Service Call – A Great Idea

Great Idea – If People Know About It

DMUK Member Dan McIntyre Takes A Look At ServiceCall

ServiceCall is a system which allows disabled people to summon help
when needed, for example when visiting a petrol station.  It was developed and manufactured and is
marketed by Autochair Ltd, a supplier of various motoring-related mobility
products such as wheelchair hoists, person lifts and swivelling car seats.

The system is quite simple and consists of an infrared transmitter
which the user carries in their car.  On
arrival at a petrol station that uses the system the user points their
transmitter at the receiver which is usually mounted in the cashiers area in a
prominent location and presses the Call button.
This activates a beeper and flashing strobe light at the receiver.  The cashier or assistant then comes and
assists you.  This is more discreet than
the usual sounding of a horn or flashing of lights.

At time of writing the transmitter costs £14.95 which includes postage
and packaging and the receiver (which the relevant company pays for and
installs) costs £335 excluding VAT.
ServiceCall can be used at locations other than petrol stations where
assistance might be needed.  I have seen
it installed in banks and chemists, though how much use it gets there I do not

I have been using the system since late 2006 and have had mixed
experiences.  For the most part petrol
station staff are trained quite well and respond quickly and politely when

One of the more interesting experiences I have had was at the Tesco
supermarket in Batley on a Saturday in 2007.
I had pulled up needing fuel and used the ServiceCall transmitter as
usual.  The receiver had beeped and
flashed and the young lady working inside had looked at it, reset it and
ignored it.  I waited a few minutes
thinking she may have been busy and come out when she could.  After this I used the transmitter again and
again the receiver beeped and flashed, was reset and ignored.  I was now worried that I wouldn’t be able to
get any fuel.

On my third attempt the young lady inside reset the receiver again and
looked out of the window, at which point I flashed my lights and she came out
to the car.

Once I had explained to her what the problem was she apologised and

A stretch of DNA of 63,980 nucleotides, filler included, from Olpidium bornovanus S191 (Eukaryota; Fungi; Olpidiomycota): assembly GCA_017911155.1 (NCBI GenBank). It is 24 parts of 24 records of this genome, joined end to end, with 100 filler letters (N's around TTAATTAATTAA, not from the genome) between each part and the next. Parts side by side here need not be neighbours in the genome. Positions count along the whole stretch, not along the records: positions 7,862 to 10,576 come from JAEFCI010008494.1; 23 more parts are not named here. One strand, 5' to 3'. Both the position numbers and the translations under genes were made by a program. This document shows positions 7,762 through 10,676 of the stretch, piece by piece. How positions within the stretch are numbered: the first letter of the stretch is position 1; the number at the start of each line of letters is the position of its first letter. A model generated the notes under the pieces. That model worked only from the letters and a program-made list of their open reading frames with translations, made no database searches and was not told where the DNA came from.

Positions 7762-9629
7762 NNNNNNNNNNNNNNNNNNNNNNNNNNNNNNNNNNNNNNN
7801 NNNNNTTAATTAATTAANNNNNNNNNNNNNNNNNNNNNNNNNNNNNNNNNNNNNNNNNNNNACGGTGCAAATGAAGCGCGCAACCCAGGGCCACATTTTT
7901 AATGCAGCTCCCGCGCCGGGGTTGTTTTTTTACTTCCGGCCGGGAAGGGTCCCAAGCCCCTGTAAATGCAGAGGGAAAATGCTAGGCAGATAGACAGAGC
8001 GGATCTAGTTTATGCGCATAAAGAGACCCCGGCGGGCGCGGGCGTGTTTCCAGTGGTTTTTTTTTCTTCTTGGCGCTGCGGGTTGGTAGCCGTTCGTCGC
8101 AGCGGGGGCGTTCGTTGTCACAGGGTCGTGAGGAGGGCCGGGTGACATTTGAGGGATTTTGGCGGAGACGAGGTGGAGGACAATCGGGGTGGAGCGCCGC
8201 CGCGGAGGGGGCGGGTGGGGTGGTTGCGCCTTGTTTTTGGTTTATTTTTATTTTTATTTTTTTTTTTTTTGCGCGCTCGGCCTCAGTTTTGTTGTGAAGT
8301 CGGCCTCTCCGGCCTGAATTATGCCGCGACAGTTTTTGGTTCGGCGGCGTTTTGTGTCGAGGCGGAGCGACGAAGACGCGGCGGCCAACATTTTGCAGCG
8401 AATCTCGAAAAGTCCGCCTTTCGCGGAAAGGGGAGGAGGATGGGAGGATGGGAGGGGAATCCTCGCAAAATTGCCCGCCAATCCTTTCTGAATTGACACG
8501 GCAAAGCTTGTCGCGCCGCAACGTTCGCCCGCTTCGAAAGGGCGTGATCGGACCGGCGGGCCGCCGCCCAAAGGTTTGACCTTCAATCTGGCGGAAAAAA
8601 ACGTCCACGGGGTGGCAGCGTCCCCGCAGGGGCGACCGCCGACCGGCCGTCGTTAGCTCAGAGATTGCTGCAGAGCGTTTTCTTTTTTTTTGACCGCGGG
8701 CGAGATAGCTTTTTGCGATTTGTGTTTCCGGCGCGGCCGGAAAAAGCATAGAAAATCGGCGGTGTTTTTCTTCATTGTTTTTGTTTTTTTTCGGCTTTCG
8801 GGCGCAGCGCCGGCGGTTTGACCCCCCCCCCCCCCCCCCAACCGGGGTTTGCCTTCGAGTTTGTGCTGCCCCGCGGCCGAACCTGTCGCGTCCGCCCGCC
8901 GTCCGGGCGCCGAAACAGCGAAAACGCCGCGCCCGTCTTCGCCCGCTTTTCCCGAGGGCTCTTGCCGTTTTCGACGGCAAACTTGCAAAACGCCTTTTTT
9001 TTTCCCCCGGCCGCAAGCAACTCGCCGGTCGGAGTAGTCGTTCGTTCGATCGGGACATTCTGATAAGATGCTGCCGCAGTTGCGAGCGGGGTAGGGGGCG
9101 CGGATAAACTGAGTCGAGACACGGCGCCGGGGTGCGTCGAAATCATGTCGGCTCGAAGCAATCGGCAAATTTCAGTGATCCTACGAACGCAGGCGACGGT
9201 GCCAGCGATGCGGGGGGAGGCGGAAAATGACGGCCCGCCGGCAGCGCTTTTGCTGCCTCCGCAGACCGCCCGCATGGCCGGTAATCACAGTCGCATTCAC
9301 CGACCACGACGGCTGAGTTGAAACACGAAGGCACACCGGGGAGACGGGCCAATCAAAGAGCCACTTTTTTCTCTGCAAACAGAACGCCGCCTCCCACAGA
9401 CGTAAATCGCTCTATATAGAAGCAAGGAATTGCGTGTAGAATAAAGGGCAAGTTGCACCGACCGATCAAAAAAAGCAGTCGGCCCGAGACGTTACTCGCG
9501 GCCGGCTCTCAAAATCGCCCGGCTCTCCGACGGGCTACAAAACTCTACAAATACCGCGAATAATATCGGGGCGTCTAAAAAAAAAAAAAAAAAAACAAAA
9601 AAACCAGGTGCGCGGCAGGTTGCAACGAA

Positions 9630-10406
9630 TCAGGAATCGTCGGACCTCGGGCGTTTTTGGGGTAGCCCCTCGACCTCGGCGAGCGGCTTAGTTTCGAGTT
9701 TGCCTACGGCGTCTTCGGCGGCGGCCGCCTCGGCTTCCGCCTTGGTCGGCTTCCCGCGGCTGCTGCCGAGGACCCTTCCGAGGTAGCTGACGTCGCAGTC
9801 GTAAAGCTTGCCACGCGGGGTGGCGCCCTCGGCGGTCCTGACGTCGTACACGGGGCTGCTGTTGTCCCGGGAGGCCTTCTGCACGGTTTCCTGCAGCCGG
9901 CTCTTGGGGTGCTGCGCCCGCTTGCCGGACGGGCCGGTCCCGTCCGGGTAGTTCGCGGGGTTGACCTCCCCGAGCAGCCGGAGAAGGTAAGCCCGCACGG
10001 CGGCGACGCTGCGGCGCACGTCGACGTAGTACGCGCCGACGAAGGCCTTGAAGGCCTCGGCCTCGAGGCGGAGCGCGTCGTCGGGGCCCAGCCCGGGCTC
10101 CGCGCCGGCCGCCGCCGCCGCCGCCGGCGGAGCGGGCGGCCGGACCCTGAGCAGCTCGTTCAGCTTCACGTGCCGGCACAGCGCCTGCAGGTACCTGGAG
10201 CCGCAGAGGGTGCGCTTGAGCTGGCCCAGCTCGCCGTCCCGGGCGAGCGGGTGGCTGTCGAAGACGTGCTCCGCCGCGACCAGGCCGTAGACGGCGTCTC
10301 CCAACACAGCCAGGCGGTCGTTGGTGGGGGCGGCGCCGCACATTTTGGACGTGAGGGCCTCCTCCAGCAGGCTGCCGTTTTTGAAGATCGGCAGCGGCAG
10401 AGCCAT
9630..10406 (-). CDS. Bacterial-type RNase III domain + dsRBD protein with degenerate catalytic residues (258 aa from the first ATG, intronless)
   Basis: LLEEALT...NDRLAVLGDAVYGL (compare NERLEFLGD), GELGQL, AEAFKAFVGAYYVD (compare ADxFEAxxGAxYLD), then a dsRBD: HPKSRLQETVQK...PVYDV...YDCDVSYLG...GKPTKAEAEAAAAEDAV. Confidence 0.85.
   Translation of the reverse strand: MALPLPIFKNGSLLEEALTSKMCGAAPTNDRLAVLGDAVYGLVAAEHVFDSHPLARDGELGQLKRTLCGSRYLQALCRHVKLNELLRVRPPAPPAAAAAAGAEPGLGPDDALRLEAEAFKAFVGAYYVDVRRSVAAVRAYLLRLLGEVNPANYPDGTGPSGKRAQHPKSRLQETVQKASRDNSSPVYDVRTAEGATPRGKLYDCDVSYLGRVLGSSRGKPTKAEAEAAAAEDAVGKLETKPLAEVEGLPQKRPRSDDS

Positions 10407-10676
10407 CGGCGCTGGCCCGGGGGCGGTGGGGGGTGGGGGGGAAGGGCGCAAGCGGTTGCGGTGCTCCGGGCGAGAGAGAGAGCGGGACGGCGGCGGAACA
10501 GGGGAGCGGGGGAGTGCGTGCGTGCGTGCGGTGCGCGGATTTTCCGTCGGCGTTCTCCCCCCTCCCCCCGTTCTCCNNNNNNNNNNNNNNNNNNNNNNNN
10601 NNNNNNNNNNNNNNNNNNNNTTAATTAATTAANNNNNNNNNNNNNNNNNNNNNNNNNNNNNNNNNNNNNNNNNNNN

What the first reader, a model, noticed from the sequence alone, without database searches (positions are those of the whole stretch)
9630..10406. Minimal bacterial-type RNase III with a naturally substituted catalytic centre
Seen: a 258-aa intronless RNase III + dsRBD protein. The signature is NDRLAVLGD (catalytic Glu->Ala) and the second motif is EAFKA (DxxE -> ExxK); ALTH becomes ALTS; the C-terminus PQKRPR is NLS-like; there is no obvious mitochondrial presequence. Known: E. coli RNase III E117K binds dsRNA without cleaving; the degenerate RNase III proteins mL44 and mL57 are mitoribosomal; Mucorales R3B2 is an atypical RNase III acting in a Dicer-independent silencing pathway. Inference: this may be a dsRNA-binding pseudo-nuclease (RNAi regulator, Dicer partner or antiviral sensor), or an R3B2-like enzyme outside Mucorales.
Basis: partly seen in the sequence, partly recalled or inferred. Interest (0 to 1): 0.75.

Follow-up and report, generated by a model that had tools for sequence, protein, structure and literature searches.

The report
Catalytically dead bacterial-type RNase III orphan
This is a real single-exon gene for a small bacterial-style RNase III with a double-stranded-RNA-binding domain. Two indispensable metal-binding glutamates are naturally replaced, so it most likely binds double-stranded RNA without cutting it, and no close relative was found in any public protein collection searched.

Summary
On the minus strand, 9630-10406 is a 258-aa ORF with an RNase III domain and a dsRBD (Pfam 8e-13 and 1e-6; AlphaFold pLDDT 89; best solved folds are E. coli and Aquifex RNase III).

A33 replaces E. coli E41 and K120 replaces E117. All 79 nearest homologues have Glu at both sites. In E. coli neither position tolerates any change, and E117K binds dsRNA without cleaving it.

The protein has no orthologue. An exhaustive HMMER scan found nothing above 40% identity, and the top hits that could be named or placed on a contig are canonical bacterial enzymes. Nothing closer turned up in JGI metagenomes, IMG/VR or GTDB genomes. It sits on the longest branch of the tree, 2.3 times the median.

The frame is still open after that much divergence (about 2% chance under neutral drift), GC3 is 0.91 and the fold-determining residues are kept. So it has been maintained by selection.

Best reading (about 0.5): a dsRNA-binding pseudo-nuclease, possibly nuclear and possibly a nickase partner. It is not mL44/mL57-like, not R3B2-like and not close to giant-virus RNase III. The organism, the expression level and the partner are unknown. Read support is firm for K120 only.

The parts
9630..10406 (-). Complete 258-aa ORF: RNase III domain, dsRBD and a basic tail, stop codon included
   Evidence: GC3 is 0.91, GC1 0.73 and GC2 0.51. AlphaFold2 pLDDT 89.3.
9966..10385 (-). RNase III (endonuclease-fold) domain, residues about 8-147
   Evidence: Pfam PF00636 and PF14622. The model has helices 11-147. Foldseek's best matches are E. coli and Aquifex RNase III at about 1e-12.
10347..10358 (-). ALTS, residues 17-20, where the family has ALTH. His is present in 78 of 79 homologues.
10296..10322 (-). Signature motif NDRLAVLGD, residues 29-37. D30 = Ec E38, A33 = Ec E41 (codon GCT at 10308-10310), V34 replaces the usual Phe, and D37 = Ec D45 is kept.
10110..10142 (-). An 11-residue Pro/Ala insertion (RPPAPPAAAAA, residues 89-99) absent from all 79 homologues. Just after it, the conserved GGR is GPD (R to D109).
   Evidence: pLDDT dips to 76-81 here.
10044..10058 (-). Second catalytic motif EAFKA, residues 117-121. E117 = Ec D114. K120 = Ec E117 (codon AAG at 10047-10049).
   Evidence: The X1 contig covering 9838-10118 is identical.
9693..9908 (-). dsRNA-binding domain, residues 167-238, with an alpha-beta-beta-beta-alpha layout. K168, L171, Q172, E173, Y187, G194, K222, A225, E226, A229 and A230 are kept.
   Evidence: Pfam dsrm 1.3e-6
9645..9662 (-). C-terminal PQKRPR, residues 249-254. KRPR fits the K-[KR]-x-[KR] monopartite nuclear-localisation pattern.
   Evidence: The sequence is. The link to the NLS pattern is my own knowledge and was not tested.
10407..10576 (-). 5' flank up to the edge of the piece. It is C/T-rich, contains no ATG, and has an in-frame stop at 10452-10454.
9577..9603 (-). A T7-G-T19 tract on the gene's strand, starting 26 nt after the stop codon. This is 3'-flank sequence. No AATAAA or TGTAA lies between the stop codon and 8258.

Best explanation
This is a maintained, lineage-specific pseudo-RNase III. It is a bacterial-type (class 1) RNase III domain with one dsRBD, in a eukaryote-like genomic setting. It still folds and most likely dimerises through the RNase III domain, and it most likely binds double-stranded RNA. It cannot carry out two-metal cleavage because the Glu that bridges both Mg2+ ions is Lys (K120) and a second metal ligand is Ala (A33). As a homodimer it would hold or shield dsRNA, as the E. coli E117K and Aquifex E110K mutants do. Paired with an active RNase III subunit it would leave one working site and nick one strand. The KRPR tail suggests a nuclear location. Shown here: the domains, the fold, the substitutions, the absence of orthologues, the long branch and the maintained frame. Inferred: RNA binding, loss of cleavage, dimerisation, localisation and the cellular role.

replied that she hadn’t been told what the beeping was and just kept resetting
it.  When I asked her about filling the
car she replied that she was 16 and didn’t know how to use a petrol pump.

Her colleague in the shop was busy so she was unable to assist.  I was then surprised when a young lad who had
been filling his scooter came over.  He’d
heard what was going on and asked if he could help.  I explained to him I needed petrol and he
very kindly filled my car.  The young
employee had returned back inside by this time so he took my money and went
inside to pay.  As a thank you I also
paid for the fuel he’d put in his scooter – it was the least I could do.

So the system is useful, where people have had training and are able
to actually assist.  To their credit the
above incident was highlighted to Tesco in a letter and they responded by
ensuring all petrol station staff are trained in its use, as well as the use of
petrol pumps.


DMUK campaign on behalf of disabled motorists and have a campaign
around the subject of refuelling.  This
centres around 4 main issues:

  • Disabled motorists must be able to receive appropriate assistance
    with refuelling and paying.
  • If there are changes to the way that fuel is supplied, such as
    changes in automation or staffing levels, these must not have a negative
    impact on disabled drivers.
  • Petrol stations should install Servicecall and train their staff to
    use the system properly.
  • Petrol stations must find an acceptable way of taking payment using
    credit cards, for example by installing ‘spark safe’ terminals or accepting
    a signature instead.

An effective campaign relies on as much information as possible being
received from the people affected – disabled motorists and/or passengers who
need to refuel their cars in order to keep their independence.  DMUK have an online survey at where you can
submit details of your experiences.



Address: ServiceCall, Milford Lane, Bakewell, Derbyshire, DE45 1EX

Tel: (01629) 814488 –
or Freephone 0800 458 3008

Fax: (01629) 815470


Check Your License – Is It Valid?

In January this year I placed an order for my next
Motability car with my local Peugeot dealer.
A few days after this I received a phone call from the dealer explaining
that the order had been refused by Motability because my license was
invalid.  This was a shock to me as,
having renewed my license in 2009, I had noted that it was valid until 2047.

A quick phone call to the DVLA in Swansea revealed the
problem – driving license holders are now required to update the photos on
their license every 10 years.  The expiry
date of the photo is shown in section 4b on the photocard part of your license.

In order to update the photo a driving license holder needs
to obtain a passport style photo, a D1 driving license application form (which
can be obtained from your local Post Office) and a cheque or postal order for
£20 made payable to DVLA Swansea.  Fill
in the relevant sections on the D1 form (it comes with a guidance leaflet) and
send the form, photo, cheque or postal order and both parts of your current
license to DVLA, Swansea, SA99 1DH.  It
is important to use the right postcode due to the way the mail is sorted at

In my case I sent off my application and new photo and have
now received my updated license.  And my
Peugeot dealer managed to get the car ordered with Motability.

DVLA say that they send reminders to anyone whose current
photo or license is about to expire, but this didn’t happen in my case.  With the onus being on the license holder and
with a £1000 fine if you do not update the photo, it could be worth checking.